'Explore College' Night at Ballou High School Gets Rave Reviews by Staff and Students
'Explore College' Night at Ballou High School Gets Rave Reviews by Staff and StudentsMaria Eugenia Alcon-Heraux, Director, Media Relations
The “Explore College” night event at Ballou High School in Southeast Washington, D.C., is a good representation of why I joined the College Board’s staff this summer. As I stood for almost two hours giving out information to mostly 10th–12th-graders about planning for college, free SAT practice information, and college application fee waivers, I truly felt blessed to work for an organization with such a wonderful mission. At least 300 students and parents showed up at the event hoping to catch the admission and financial aid representatives from MIT, University of Arizona, and Maryland, among many others.
I spoke to several seniors, most of whom had already sent out their applications. One wanted to be a neonatal surgeon, another a journalist — many had clear pictures of what their futures should be. A few didn’t yet know what they wanted out of college; they came to the event hoping to start figuring that out. The younger students seemed a little suspicious but pleasantly surprised when I kept saying the SAT practice online we offered was free. Parents, for their part, were in disbelief and promised they would make sure their kids took advantage of these free tools, which they had no idea existed.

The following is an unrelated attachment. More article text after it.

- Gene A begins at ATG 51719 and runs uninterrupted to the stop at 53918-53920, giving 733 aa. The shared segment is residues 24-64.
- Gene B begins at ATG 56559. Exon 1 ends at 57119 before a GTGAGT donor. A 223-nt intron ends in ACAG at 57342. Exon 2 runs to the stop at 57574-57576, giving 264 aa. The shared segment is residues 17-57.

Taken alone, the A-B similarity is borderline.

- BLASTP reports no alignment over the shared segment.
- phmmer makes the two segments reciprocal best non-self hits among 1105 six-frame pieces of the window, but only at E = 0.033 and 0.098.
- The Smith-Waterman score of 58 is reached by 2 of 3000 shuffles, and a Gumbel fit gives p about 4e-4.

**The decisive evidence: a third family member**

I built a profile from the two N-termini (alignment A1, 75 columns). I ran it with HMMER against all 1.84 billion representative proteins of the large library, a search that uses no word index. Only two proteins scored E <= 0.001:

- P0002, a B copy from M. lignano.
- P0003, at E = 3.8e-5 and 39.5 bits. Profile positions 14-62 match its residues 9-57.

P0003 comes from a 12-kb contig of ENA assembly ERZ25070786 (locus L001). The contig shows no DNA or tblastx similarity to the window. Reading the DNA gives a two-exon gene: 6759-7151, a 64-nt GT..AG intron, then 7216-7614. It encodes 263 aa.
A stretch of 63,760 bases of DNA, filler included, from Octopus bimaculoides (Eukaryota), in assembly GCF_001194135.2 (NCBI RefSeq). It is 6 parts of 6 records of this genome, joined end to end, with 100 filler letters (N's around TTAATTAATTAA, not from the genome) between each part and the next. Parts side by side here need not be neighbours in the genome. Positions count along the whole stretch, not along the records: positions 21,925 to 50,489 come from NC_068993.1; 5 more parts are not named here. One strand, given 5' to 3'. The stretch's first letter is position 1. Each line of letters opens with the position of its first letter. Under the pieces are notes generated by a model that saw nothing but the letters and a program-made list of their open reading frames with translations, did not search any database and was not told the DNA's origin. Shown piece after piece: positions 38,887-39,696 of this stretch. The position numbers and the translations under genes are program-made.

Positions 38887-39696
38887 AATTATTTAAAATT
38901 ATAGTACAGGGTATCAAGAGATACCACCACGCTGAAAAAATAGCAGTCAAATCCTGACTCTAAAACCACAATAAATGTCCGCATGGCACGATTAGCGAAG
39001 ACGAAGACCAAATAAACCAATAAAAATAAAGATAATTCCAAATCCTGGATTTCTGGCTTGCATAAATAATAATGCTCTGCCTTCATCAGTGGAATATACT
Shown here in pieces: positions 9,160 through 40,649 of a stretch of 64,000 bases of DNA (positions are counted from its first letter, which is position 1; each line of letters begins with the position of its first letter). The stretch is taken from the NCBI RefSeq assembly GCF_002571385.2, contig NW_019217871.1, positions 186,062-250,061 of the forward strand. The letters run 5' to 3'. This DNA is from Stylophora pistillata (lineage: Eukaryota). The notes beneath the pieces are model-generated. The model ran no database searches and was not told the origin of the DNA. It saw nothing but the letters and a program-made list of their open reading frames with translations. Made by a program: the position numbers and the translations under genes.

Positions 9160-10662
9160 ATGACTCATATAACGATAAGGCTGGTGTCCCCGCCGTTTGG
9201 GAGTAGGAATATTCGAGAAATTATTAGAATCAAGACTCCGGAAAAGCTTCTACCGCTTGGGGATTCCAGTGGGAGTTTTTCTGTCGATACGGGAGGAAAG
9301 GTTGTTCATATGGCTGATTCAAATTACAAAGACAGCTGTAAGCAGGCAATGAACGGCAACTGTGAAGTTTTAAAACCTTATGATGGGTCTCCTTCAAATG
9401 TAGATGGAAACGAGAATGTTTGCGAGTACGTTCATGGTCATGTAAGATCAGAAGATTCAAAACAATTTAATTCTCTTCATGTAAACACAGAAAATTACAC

All the students wanted to go to college but worried about how they were going to find the money to pay for it. Not surprisingly, the most popular sessions at Ballou that night were on financial aid. Several college representatives said how impressed they were with the engagement from students, who had come from three different schools in the area. Many students asked college representatives for their business cards so they could be in touch.
“With College Board Forum 2015 happening in Washington, D.C., it made sense to partner with the fastest-improving urban school district in the country to bring admission and financial aid experts from higher education institutions directly into contact with DCPS students,” said Aaron Lemon-Strauss, executive director at the College Board, who organized and executed the event. “Colleges and universities are looking for engaged and prepared students, and Ballou, Anacostia, and Woodson high schools in D.C. have hundreds of them, as we saw last night.”
Even though these events are meant to inspire students, I'm happy to say that I, too, left inspired by such smart and driven students.